I’ve been thinking a lot about video recently. As a Social Media Manager, you can’t ignore the research that video is the future of content marketing with online videos forecast to be for more than 80% of all consumer internet traffic by 2020. 73% of marketers plan on increasing their use of videos and one of my personal objectives is to make social videos this year to help small businesses reach their audiences. Coming from a corporate background, the videos I ‘used’ to watch were all incredibly slick and professionally produced (with lots of transition shots of people staring up at skyscrapers dressed in suits!) The explosion of social video means that content like that now is in the minority- all you need to make a video is an iPhone, mic and a tripod and a laptop for editing. I’m personally a massive fan of the less polished, more authentic videos and I’m not the only one- 43% of people want to see more video content from marketers in the future.
As a Mum to a 4-year-old I’m also thinking about video in a different way. Like many of her peers, my daughter loves You Tube videos of toys being opened, and she’s not alone either. In 2014, the highest earner on You Tube made $5m by opening Disney toys. I’m at the heady stage where she can’t write yet so accepts totally that our IPad doesn’t have You Tube as I deleted the icon, so it’s a special treat for Granny’s house. Being open, I really didn’t like the videos- I don’t get it, but as we were both thinking about video I tried to put my own prejudices aside and asked her lots of open questions while we watched together.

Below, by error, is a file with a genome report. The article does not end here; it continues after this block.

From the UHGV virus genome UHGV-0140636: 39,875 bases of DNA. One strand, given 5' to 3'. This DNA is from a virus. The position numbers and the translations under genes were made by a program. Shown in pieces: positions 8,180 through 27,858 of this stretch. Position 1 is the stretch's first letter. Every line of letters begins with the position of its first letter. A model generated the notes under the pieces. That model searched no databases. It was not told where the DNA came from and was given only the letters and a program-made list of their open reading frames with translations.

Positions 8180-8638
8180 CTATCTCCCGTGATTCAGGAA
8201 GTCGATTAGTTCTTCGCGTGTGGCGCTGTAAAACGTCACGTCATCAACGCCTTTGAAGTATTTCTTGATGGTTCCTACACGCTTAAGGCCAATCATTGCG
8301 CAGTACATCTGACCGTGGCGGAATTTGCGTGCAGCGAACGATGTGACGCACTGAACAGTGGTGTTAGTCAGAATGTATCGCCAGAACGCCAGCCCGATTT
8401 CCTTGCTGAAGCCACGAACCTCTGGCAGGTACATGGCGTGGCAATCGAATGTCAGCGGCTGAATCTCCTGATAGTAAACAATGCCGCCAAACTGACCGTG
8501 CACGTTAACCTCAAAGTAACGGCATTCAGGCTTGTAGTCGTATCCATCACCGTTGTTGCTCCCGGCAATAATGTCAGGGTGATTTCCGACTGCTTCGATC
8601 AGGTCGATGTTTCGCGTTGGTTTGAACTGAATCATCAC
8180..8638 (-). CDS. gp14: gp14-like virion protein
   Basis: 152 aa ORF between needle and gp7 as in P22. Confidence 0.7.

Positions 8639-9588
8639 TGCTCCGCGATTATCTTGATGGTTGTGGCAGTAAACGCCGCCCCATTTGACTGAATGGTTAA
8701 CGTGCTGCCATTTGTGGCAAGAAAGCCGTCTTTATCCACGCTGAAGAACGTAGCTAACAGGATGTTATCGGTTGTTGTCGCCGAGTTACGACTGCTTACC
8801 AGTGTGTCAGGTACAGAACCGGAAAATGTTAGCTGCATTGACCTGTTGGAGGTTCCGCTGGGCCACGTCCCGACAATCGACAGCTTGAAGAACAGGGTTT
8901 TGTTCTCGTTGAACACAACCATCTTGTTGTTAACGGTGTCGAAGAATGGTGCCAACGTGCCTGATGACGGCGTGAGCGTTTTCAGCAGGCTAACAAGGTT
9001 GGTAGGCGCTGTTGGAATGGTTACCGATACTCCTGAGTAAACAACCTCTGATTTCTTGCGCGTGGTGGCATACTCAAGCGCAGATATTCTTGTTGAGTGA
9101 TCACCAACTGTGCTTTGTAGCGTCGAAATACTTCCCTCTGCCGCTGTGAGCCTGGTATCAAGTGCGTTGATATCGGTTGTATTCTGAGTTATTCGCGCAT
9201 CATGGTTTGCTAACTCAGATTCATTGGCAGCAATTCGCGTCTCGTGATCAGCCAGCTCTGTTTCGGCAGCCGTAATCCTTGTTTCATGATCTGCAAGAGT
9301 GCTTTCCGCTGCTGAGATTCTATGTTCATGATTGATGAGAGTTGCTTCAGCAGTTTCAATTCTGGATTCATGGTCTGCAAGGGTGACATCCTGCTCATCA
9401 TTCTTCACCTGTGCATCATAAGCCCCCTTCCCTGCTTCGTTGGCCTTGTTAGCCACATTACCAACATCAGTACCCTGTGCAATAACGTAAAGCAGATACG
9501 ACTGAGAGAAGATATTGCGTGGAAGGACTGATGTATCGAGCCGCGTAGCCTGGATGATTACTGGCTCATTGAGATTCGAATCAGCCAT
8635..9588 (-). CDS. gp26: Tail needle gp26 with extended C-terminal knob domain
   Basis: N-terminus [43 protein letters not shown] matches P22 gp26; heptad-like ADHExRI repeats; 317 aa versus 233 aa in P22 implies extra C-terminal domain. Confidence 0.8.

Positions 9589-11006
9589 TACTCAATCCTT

She’s sharing a moment. Video is full of life- the girls she chooses to watch on the Toys AndMe channel are full of personality, bright and engaging and the video is well edited with a good narrative. Interestingly, considering the prevalence of toy channels, which make up 20% of the top 100 channels on You Tube, she has chosen a channel filmed less than 100 miles from our house, with familiar accents. She’s watching the older girls she might play with in the playground and feels like she’s engaging with them.
She learns by looking and listening. Admittedly, she can’t read yet but most the population generally learn this way with approximately 10% being auditory learners, learning best through reading. However, only 3% of content on Facebook now is video. Now that technology has progressed to be able to share content in a way other than written content and static images, we need to match our content to the way our audience will best consume it.
She can get information and entertainment at the touch of a button. Forrester researcher Dr. James McQuivey estimates that one minute of video is equal to 1.8 million words. Admittedly this is limited now to knowing what a blind bag is and that Monsters Inc is a thing, but the possibilities from video marketing are endless and exciting.
Another key takeaway was that I really didn’t ‘get it’- I couldn’t understand why she wanted to spend time watching these videos when there were educational apps she could be playing with on her iPad! On reflection, of course I didn’t ‘get it’- I am not their target audience, which is well defined and catered for. So, Tiana and her friends from Toys AndMe will be welcome guests in (Granny’s) house for the near future and I’ll be working on my own video and shooting skills!